Any opinions wise people of sugden?
Ta

Happy new year!
PeteHodgsonIcon...01-01-2018 @ 17:40 
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But I just read this off Elite Fts.

The combined backward pulling actions of the hamstrings and the adductors serve to balance the forward pulling force of the quadriceps, but this only occurs when the hamstrings and adductors are stretched, which occurs only in the full squat position. Anything above this and the knee is subject to excess anterior forces because the hamstrings and adductors aren't stretched and don't provide a posterior force in the movement. This dramatically increases the likelihood of developing patella tendonitis or patella tendinopathy. Proper distribution of force about the knee is pivotal to knee health. Because this correct distribution only occurs in a full squat, it's obvious that full squats serve to keep the knees healthy. As an added fact, the stretched hamstrings and adductors in the bottom of a deep squat serve to provide a rebound out of the ‘hole.’ Thus, hip extension is accomplished much more safely and efficiently when we squat deep!
PeteHodgsonIcon...03-01-2018 @ 22:06 
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Patellofemoral pain syndrome usually causes a dull, aching pain in the front of your knee. This pain can be aggravated when you:

Walk up or down stairs
Kneel or squat
Sit with a bent knee for long periods of time

CAUSES....

Muscle imbalances or weaknesses. Patellofemoral pain can occur when the muscles around your hip and knee don't keep your kneecap properly aligned. *Inward movement of the knee during a squat has been found to be associated with patellofemoral pain.*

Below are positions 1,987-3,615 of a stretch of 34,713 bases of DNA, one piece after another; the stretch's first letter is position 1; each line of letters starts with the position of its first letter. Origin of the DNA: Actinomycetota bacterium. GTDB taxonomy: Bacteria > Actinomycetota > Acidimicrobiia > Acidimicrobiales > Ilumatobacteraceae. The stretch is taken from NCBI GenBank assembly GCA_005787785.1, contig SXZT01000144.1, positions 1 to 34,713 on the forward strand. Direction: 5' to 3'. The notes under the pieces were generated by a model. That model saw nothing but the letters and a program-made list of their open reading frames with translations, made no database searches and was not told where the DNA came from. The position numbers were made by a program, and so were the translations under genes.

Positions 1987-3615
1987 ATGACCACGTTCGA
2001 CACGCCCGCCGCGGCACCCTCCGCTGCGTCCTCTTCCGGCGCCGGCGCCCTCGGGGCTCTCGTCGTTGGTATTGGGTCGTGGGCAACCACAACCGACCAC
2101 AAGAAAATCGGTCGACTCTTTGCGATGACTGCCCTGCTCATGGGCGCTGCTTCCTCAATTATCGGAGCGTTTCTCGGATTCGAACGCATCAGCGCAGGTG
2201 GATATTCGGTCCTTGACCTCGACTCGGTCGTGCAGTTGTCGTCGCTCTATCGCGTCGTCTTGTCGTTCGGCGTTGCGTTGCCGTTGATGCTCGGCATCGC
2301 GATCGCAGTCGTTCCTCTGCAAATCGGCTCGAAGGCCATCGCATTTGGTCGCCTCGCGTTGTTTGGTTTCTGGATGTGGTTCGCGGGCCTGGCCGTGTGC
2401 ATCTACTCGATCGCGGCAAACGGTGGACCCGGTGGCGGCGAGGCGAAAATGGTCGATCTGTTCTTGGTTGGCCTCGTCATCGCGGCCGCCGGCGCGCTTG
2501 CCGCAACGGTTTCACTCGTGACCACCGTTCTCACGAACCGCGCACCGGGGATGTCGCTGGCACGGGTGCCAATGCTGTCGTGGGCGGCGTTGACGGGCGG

* I believe this is what originally caused my pain around 20 years ago (poor form, took heavy, not deep, knee tracked inwards) and even though I've sorted out my squat since then it still recurs- although not usually brought about by squatting.
JohnIcon...07-01-2018 @ 18:25 
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If you read the this thread tittle quickly it looks like kebab......I like kebab.
JohnIcon...07-01-2018 @ 18:51 
Member 5263, 2816 posts
SQ 240, BP 185, DL 255
680.0 kgs @ 130kgs UnEq
I do not for one minute to claim I know know what I'm talking about but if it where me id try and see if I have a natrual imbalance caused by tight hips,abductors,I'd do this by stepping up on a box or a step nothing to high and with every step up see if my knee and ankles and hips all track,I'd really concentrate on how my balance feels,pressure on my feet hip knee that kind of thing even under slight fatigue, id also try landmine squats or front squats and focus on turning the knees out,also your foot position you may need to turn them out,or widen your stance,obs it's hard to tell without seeing your squat,controversially I think there is such a thing as squatting to low,maybe even try foam rolling or a ball ,this is just what I'd do so not fact based. Hope it gets better soonHappy